Serving Together

UNC Asheville and Mission Health volunteers helped Habitat for Humanity build new homes as part of the 2017 Martin Luther King Jr. Day of Service.

UNC Asheville and Mission Health teamed up for this year’s Martin Luther King Jr. Day of Service, with volunteers from two of Asheville’s largest institutions working side-by-side to help build homes, work with young people, work with older adults and family caregivers, care for rescued animals, clean up trash, plant trees and more.

With a record number of 260 UNC Asheville students, faculty and staff participating, the line for breakfast and coffee filled quickly Monday morning on Jan. 16 as volunteers met in Alumni Hall in UNC Asheville’s Highsmith Union. By 8:30 a.m., all volunteers were at tables with their group leaders, discussing information about one of the 15 organizations they would be helping during the university’s 10th annual MLK Day of Service.

UNC Asheville students helped youngsters at the YWCA of Asheville with their posters.

Chancellor Mary K. Grant was among those who spent the morning at the YWCA, helping young children make signs for the Peace March and Rally that drew thousands of people to Pack Square Park on Monday. “None of us are without the power to make a difference in our own backyards and that’s what we do every day at UNC Asheville and what Mission is doing every day in the is community,” said Chancellor Grant, addressing the volunteers from both institutions before they boarded vans to their work sites. “It’s a natural fit that we should be doing these things together.”

“Today, through your actions, each one of you is standing up and speaking out, and I applaud you for that,” said Dr. Ronald Paulus, CEO of Mission Health, addressing the volunteers and enthusiastically endorsing this first joint UNC Asheville/Mission Health MLK Day of Service.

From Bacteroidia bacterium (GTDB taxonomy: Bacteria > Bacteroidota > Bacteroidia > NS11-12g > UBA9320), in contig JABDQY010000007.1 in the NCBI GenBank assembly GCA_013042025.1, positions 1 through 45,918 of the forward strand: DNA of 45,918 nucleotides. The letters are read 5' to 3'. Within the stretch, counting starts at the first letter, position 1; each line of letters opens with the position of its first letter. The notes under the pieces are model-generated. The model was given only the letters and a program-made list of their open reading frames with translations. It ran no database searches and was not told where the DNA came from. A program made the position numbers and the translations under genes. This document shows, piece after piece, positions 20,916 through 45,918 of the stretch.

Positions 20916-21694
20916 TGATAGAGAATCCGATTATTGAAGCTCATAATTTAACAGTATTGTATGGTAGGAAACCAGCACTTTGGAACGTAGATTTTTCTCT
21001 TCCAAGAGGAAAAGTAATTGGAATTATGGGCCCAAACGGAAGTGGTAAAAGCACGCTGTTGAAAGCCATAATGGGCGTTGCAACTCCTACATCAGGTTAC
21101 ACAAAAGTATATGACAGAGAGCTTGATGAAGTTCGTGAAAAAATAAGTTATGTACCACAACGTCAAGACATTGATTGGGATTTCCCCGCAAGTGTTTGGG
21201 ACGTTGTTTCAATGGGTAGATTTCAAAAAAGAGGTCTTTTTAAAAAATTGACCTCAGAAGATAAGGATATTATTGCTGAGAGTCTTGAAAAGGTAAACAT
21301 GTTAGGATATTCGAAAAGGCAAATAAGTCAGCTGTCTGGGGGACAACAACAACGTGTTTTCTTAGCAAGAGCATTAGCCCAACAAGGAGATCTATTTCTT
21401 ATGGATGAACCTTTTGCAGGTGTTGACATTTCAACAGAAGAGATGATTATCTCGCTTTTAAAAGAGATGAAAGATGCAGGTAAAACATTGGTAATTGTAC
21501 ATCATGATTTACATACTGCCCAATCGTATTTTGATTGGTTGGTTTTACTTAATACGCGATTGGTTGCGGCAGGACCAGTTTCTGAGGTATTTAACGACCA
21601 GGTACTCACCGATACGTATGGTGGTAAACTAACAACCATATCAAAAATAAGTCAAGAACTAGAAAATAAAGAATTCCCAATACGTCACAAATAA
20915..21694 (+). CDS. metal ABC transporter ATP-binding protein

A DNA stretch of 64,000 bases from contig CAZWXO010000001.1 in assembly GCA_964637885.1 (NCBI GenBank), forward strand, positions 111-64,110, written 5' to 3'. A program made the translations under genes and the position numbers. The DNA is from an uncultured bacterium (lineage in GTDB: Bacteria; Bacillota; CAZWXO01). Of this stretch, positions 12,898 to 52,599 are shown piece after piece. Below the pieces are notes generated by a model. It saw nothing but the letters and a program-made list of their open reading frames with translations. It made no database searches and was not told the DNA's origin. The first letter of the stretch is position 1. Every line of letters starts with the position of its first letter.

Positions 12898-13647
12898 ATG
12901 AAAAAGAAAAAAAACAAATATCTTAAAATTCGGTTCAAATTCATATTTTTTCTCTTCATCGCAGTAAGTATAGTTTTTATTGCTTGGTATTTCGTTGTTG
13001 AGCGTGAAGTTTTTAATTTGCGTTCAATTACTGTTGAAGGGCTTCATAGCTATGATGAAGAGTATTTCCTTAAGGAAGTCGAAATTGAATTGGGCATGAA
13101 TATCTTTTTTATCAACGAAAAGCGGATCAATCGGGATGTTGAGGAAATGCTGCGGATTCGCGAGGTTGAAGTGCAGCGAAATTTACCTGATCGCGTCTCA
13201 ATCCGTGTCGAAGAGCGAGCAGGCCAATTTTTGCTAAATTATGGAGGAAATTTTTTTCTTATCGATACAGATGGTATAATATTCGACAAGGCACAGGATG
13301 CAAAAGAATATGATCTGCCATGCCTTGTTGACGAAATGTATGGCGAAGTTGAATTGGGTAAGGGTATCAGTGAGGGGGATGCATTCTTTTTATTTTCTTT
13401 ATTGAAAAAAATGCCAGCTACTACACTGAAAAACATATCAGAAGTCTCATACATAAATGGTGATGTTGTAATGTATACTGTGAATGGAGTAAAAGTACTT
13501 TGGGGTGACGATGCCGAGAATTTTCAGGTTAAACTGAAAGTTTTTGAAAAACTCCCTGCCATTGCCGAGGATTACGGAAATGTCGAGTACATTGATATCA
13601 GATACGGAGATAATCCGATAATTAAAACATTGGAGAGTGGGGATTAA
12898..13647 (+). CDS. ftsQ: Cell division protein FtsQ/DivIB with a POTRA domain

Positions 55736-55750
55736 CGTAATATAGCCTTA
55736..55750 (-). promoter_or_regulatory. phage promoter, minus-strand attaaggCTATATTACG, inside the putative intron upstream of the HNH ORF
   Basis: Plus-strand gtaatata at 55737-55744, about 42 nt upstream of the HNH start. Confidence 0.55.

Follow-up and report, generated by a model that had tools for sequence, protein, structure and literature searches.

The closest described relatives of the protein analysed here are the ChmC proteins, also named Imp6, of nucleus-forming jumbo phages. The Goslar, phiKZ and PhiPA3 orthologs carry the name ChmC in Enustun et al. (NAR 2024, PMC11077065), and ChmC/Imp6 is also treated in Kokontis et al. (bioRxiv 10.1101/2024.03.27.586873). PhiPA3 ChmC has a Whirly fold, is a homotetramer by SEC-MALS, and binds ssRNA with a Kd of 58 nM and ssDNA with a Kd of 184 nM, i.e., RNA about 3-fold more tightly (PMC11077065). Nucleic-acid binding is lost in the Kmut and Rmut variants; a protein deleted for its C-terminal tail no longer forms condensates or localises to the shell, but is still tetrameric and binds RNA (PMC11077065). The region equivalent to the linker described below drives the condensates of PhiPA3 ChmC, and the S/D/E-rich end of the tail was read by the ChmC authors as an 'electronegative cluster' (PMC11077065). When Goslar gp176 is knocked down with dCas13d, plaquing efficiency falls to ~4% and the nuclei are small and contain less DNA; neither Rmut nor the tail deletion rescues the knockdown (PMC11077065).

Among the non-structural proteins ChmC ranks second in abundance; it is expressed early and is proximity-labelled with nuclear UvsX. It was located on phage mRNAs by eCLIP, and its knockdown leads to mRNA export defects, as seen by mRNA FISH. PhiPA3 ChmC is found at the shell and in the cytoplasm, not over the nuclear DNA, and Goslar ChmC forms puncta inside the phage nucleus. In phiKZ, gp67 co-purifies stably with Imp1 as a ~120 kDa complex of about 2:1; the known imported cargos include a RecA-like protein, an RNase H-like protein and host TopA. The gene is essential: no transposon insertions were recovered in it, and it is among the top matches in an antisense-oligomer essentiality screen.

“Any day is great to give back to the community but this is a special day,” said Fonda Bravo, service day volunteer and an emergency room supervisor at Mission Health.  “Martin Luther King Jr. stood for diversity and community outreach, so to give something back is awesome.”

UNC Asheville students at the mulch pile, helping Asheville GreenWorks plant fruit trees in the Deaverview Community Orchard.Sarah Angermeyer, a UNC Asheville senior and psychology major, spent the morning planting fruit trees at the Deaverview Community Orchard, calling it “a day on, not a day off. … I’m here with the RAs [resident assistants in student housing] right now and we usually do volunteer stuff for our training and it’s just really fortunate that this fell right at the end of training so that we could do this as well and also honor a great person, as well as help our community.” Asheville GreenWorks organized the tree-planting and a separate effort engaging dozens of volunteers picking up trash in the neighborhood of MLK Park.

While some volunteers were getting down in the dirt, others were getting in touch with their creative sides. After taking a quick tour of the YWCA and learning of the organization’s longstanding work to eliminate racism and empower women, volunteers helped children create signs to hold up as they took part in the annual Peace March and Rally downtown later in the day. The signs included quotes and pictures of Martin Luther King Jr. and other designs by the children.

“I really hope that the volunteers and students kind of take away the legacy that MLK left,” Gerry Leonard, volunteer & racial justice coordinator for the YWCA of Asheville said after checking on the artists in each room. “I think in so many ways he is a martyr in the sense that we remember MLK for what he is, what his significance was, and during the Civil Rights movement. But again, I think at the core of who he was, he was an activist. He was an advocate for change. He was sometimes what some would call a trouble-maker.”

Leonard said he thought the interaction of volunteers with children was really important and that he hoped it would make a lasting impression. “I hope that our students can understand that 60-plus years later that racism still exists, both systemically and structurally and that there’s still a lot of work to be done,” Leonard said.

You can see posts by MLK Day of Service volunteers at #uncavlmlk2017.

by Kari Barrows, Dec. '16 graduate